Debate About Food Aid Reform Missing Long-Term Focus
“There’s been a lot of debate recently in the U.S. about food aid reform, especially since [the Obama administration] proposed a shift toward more cash programs and increased local and regional purchase of food aid,” Paul Guenette, senior vice president at ACDI/VOCA, writes in The Guardian’s “Global Development Professionals Network” blog. “But what’s lost in the lively discussion on the hows and whys of food aid is a sense of long-term focus,” he states, adding, “While emergency intervention is all too often necessary, focusing on building capacity at the farm level offers long-term sustainability in addressing the root causes of food insecurity.” He continues, “[B]uilding the capacity of smallholders and strengthening markets to sustain them is pivotal and sustainable, and can render food aid unnecessary in many, if not most, cases.”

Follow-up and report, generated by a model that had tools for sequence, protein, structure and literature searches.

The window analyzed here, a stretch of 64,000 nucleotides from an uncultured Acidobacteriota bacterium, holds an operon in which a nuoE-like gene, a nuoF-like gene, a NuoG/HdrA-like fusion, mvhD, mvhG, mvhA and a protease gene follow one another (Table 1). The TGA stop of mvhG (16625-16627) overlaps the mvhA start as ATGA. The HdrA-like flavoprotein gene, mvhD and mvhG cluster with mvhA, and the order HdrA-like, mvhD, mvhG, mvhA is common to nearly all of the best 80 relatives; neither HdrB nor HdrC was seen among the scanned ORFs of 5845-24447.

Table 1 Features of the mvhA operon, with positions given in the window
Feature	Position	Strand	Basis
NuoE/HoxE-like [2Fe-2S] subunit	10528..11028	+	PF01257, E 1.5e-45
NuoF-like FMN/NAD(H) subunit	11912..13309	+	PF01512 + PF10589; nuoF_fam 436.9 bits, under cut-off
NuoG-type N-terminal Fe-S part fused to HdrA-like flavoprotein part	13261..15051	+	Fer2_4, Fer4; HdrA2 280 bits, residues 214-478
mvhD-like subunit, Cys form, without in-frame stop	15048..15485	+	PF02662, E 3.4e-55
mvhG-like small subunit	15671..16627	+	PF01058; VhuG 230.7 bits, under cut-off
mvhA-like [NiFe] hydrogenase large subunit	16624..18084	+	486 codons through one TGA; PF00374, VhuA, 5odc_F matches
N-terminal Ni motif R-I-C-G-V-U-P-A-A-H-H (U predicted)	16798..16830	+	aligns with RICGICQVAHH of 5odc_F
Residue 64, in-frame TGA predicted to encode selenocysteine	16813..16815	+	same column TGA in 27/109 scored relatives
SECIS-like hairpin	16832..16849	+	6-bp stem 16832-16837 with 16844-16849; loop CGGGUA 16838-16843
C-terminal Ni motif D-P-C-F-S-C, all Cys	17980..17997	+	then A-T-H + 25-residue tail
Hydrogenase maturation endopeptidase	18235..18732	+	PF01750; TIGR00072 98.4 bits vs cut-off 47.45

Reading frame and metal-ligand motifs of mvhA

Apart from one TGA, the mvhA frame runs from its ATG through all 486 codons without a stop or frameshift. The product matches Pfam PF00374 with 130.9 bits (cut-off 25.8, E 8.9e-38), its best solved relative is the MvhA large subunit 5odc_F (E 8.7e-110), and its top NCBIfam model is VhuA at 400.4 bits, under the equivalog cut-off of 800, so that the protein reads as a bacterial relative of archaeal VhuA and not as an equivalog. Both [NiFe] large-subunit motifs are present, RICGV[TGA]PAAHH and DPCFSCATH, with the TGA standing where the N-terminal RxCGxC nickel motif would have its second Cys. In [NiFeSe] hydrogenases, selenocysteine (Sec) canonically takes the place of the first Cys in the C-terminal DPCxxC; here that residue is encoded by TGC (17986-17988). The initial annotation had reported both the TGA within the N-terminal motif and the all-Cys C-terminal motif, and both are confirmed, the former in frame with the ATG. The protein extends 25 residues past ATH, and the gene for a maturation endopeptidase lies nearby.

Guenette discusses a drought in the Horn of Africa in 2011, noting “the drought didn’t create famine in Ethiopia that year, nor in Kenya.” He examines what it took to build such resilience in these two countries and writes, “Necessary food aid and deliberate long-term agricultural development aren’t an either-or proposition.” He concludes, “We’ll always have another food crisis, and responding effectively will save lives. But the much more serious job, the most important and too often out-of-the-headlines job, is building the ability of those small African farmers to produce nutritious food in a sustained manner — so that when the next drought hits, and we know it will, they don’t become the next food aid emergency” (6/17).